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Modern tragic figure meet your ancient greek equivalent. He suffered to bring light and warmth to all mankind for no personal gain. You suffer so that your frat might get disastrously drunk at next friday’s rager. You two should have a lot to talk about.

The issue presented here is one of psychological blinders and a lack of personal perspective. In our minds, our problems loom large and unconquerable a great deal of the time. We look at our lives and how difficult they are in the context of the situations we face being the only problems in the entire world. This applies to everyone at one time or another, myself included. The problem, then, is finding it in ourselves to realize that we live relatively comfortable lives. Naturally, life is not perfect for anyone. Even the billionaire can suffer in his own way. It’s simply a matter of scale. How bad are your problems really? How bad is it that some girl or guy you dated for a couple of weeks broke up with you? Is it as bad as say…starving to death in a dry, barren wasteland? How about having your liver torn out by an eagle day after day for 30,000 years? No? Then maybe you can lighten up a bit.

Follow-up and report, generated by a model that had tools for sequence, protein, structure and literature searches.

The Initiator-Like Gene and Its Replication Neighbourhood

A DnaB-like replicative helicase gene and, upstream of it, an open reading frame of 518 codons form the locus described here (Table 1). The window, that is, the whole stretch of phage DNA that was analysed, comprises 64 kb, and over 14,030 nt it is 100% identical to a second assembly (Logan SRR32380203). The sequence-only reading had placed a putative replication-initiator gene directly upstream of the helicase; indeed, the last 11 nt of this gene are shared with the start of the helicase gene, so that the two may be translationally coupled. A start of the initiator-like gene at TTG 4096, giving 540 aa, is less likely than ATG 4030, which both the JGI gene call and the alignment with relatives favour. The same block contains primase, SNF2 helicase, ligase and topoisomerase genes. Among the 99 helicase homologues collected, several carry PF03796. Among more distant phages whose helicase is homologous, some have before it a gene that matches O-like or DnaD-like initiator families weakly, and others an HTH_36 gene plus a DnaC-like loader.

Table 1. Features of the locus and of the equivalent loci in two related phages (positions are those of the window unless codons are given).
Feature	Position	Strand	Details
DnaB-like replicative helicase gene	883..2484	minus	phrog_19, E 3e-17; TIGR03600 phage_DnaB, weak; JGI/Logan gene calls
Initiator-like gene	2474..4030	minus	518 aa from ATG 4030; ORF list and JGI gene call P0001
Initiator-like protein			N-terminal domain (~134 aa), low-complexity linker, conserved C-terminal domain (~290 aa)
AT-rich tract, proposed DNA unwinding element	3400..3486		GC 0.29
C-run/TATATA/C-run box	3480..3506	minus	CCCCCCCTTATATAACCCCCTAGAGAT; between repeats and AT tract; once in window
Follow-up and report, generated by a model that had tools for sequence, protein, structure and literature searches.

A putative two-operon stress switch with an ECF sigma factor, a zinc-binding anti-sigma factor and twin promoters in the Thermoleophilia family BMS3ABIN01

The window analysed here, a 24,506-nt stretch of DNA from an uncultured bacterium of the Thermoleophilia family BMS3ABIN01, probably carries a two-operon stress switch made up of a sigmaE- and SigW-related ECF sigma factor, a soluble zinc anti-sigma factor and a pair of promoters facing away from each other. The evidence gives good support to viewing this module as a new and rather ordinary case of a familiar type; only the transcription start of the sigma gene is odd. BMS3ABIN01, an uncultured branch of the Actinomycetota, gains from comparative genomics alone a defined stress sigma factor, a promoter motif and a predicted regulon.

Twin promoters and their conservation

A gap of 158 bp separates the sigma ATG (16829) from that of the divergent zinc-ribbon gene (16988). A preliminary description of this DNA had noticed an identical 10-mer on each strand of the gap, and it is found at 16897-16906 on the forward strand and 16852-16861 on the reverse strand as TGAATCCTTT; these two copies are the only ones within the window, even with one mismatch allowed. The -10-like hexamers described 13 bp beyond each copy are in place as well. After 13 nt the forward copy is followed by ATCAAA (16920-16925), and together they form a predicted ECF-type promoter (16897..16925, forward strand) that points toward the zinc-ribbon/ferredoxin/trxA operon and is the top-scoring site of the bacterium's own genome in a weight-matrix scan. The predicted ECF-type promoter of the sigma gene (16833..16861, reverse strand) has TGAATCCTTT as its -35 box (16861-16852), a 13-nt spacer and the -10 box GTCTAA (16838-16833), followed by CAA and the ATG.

When it comes to massive and repeated suffering, no one does it better than good ol’ Prometheus. Solely responsible for giving humanity the gift of fire (as well as actually creating humankind), Prometheus was punished by the always reactionary Zeus in a serious way. Chained to a rock in the Caucasus Mountains, he was tortured by having an eagle tear out and devour his liver day after day. Being a Titan, (those fellows that came before the gods) Prometheus was naturally immortal and his liver regenerated each morning. For thousands of years, Prometheus was tormented until Zeus finally allowed him a chance at redemption. Asking an important question that only Promtheus had the answer to, Zeus sought to see if the Titan would give in to his rule. He did, and Zeus sent his son Hercules to slay the eagle and free Prometheus.

You would think that after such a lengthy torturing, Prometheus would be resentful, but there isn’t a thing about him in greek mythology after his freedom is attained. One can only hope that he is somewhere pleasant, perhaps a nice beach sipping mixed drinks and enjoying immortality and the fruits of his labors.

Hopefully he can look on us, the beings he helped to create, and smile from time to time.

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